QR code payments have greater potential to promote more than contactless technology, which depends on consumers having credit or debit cards. Because many QR code platforms operate as stored value accounts themselves, consumers don’t necessarily need bank accounts or credit cards to make mobile payments using QR codes.
Besides this duel of competing technologies, LatAm’s 2019 payment landscape should also see commerce moving increasingly toward an on-demand model, fueled by apps. Latin American consumers are using their mobile phones as transactional channels more and more, as apps gain enormous ground in daily routines. While it’s not exactly news that ride-hailing apps like Uber, Cabify and Easy Taxi are popular in LatAm, the region’s consumers are also using apps for other services, including on-demand delivery (Rappi), restaurant delivery (Glovo), digital top-ups (RecargaPay) and Cornershop (supermarket delivery).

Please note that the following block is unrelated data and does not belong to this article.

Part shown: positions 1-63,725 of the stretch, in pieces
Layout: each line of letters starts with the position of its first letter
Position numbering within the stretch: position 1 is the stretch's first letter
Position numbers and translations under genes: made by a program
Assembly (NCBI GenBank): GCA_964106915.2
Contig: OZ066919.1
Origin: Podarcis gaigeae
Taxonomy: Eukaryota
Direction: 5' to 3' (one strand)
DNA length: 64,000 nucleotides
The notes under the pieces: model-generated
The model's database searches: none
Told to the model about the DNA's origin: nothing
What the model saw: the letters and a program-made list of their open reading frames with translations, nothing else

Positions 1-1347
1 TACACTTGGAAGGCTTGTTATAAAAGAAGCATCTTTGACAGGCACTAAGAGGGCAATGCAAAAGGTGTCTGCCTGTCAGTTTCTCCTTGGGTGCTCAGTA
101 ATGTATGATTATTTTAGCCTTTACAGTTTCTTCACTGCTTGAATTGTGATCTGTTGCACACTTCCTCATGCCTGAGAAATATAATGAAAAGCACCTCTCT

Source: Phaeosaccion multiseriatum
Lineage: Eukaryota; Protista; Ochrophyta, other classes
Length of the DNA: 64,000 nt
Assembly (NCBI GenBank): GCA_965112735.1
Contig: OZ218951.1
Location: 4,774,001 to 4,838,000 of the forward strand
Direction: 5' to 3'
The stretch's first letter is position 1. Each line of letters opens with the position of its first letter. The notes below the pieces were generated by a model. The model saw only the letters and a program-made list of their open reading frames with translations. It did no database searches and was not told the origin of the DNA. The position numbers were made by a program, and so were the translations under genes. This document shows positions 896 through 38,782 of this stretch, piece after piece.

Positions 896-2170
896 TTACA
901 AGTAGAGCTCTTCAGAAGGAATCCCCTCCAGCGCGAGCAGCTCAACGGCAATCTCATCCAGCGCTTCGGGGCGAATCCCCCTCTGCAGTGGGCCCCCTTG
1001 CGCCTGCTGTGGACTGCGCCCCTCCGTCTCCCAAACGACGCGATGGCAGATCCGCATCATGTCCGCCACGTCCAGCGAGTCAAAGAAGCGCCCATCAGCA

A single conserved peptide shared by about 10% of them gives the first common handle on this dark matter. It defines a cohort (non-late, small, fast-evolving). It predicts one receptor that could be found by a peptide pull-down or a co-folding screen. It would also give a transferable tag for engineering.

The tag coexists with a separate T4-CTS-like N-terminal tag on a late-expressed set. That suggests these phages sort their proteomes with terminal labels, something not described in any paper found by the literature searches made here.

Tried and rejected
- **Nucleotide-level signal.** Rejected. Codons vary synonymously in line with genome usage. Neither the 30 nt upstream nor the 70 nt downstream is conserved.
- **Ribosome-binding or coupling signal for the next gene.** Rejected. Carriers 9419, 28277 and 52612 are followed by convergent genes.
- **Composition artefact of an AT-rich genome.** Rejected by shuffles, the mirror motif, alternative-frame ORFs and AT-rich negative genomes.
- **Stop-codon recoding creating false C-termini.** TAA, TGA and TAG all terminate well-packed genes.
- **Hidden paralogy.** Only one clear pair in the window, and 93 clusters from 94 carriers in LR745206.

Both the competing technologies and the increased use of mobile apps/growth of mobile marketplaces have their downsides.
If mobile payments via QR codes manage to beat out contactless cards, they could end up sucking money out of the banking system in LatAm by offering higher interest rates for deposits of funds into their closed-loop systems, and then charging to withdraw them. In addition, closed-loop systems based on QR codes could potentially make the POS system obsolete.
If contactless cards win out, even though they could capture some of the cash used in retail payments in LatAm, they don’t do much to address financial inclusion in the region: their expansion won’t be necessarily helpful for the unbanked or for the ever-larger group of mobile consumers, since most smartphones in the region are not NFC-enabled.